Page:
Peer review should not be used as a marker of the ultimate truth, write Paul Thacker, a former Senate Finance Committee staffer, and Jon Tennant, a research fellow at the Center for Research and Interdisciplinarity, in an op-ed appearing in the Washington Post.
They write that a lack of peer review — or claims of a lack of peer review — of some studies and reports has enabled politicians and others to dismiss research findings. At the same time, they note that peer review has given a veneer of respectability to research that may otherwise be shoddy or influenced by special interest groups.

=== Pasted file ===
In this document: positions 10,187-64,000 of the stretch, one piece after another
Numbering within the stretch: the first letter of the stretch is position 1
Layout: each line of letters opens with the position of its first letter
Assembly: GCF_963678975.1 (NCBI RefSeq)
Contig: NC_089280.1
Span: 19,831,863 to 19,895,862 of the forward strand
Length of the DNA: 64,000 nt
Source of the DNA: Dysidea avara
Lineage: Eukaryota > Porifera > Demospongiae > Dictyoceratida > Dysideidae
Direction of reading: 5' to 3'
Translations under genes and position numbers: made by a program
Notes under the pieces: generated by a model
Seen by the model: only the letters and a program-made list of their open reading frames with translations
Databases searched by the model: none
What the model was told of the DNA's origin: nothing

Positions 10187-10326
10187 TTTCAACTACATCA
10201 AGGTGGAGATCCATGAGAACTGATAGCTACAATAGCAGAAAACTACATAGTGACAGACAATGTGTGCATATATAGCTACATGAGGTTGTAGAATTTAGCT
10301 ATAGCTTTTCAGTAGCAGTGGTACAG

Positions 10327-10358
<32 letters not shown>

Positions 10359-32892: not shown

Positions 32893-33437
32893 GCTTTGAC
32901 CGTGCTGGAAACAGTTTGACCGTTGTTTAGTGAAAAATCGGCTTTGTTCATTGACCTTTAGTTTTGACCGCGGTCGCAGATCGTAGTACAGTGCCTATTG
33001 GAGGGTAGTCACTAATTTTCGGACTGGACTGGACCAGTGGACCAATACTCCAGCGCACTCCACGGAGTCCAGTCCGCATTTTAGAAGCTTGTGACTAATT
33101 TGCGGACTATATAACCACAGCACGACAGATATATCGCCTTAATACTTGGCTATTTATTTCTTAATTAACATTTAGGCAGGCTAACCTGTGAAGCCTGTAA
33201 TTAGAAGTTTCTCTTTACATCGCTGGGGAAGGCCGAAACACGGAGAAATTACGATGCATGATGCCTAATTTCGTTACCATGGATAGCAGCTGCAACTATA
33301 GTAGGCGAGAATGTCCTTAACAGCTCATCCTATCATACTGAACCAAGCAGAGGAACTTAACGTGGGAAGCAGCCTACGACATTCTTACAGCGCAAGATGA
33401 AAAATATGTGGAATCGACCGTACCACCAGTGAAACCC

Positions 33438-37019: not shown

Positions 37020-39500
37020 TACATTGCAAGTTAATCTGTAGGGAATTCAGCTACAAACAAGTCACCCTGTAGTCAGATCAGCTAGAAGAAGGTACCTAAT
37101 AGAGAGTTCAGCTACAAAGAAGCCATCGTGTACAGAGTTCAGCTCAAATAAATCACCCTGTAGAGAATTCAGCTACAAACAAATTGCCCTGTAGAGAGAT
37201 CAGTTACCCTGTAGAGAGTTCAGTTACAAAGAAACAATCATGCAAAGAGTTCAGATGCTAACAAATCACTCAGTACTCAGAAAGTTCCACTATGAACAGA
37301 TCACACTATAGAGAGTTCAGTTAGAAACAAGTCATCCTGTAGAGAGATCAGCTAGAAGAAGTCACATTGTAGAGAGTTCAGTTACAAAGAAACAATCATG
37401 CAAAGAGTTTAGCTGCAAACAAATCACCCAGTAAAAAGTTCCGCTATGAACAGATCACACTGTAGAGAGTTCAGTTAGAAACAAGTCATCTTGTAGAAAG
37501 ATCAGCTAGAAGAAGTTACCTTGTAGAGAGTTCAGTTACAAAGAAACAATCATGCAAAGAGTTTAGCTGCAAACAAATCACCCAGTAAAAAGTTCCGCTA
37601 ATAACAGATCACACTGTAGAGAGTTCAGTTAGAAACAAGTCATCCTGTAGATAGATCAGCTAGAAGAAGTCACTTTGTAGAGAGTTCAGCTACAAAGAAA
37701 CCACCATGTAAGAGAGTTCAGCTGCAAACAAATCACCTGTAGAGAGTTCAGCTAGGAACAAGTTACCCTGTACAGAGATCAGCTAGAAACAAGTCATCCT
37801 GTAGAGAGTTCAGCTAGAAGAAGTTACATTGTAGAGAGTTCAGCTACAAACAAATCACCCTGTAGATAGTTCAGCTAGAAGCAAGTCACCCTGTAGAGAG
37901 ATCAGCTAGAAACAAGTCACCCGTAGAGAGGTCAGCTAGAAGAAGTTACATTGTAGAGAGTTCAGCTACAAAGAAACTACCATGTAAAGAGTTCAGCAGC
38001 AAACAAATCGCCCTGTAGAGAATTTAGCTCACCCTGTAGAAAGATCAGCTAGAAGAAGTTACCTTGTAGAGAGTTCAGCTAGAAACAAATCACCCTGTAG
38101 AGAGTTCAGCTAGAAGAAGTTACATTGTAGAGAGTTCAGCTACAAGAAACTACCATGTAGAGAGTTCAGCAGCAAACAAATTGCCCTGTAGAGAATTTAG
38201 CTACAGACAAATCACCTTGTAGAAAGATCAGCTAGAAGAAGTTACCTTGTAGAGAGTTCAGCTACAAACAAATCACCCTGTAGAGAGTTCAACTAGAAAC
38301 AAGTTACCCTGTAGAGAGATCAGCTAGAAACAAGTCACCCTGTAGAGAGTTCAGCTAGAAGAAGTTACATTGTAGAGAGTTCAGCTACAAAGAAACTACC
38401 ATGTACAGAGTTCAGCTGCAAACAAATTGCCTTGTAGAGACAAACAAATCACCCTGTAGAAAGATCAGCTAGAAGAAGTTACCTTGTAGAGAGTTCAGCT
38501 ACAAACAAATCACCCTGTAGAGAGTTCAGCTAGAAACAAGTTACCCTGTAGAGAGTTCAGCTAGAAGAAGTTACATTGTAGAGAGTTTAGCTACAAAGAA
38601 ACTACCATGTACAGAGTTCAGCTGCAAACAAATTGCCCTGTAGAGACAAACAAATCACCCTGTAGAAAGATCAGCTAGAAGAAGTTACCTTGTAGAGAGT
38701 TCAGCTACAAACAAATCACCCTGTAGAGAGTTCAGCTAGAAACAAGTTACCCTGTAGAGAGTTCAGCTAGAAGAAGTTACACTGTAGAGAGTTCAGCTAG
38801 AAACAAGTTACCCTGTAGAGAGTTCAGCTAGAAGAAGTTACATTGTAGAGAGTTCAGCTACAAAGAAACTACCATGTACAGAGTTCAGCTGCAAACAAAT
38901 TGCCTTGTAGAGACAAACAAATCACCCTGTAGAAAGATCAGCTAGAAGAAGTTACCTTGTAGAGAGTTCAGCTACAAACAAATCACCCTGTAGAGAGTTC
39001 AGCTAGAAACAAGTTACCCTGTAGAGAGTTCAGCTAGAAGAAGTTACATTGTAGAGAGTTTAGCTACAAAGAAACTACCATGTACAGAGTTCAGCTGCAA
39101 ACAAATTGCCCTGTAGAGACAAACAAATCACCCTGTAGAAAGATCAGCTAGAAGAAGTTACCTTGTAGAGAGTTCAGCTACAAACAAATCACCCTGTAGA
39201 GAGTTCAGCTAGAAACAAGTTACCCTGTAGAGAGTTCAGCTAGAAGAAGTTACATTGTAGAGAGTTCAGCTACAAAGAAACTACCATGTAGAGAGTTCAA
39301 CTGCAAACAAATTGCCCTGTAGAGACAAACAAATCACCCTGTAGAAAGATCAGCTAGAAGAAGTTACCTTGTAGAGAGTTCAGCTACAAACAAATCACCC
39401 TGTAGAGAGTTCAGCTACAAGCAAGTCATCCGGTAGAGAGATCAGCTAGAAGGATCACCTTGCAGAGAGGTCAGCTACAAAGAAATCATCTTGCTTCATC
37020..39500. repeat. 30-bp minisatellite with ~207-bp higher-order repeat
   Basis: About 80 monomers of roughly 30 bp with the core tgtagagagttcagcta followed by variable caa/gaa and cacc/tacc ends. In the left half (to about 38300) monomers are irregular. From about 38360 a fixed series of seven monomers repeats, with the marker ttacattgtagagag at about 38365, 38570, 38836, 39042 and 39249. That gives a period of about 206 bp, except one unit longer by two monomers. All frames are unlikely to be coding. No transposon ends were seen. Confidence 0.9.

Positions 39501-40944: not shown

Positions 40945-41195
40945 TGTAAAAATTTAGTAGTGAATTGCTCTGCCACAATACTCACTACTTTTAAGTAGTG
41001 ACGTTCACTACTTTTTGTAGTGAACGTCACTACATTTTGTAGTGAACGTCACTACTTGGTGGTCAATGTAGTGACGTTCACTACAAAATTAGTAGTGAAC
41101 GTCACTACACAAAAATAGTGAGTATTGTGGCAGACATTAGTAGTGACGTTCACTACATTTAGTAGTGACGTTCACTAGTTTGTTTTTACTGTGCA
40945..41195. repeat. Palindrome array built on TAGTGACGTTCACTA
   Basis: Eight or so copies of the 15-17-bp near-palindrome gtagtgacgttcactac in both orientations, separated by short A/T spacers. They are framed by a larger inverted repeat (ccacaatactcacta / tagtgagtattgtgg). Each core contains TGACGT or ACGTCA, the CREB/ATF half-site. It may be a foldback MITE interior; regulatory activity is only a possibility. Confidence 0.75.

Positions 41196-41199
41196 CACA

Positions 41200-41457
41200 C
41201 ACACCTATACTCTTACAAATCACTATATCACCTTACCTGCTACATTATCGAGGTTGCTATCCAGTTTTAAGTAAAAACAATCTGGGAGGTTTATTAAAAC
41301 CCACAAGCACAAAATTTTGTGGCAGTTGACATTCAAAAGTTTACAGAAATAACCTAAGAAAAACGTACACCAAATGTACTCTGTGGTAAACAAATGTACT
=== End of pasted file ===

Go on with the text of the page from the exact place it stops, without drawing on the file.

Instead, Thacker and Tennant say peer review should be viewed as it is, a process that can be influenced by the people who are involved, but not one that imparts a "gold standard." They further argue that its limitations should be more clearly communicated to the public. "With more transparency about the publication process, we might have a more nuanced understanding of how knowledge is built — and fewer people taking 'peer-reviewed' to mean settled truth," they write at the Post.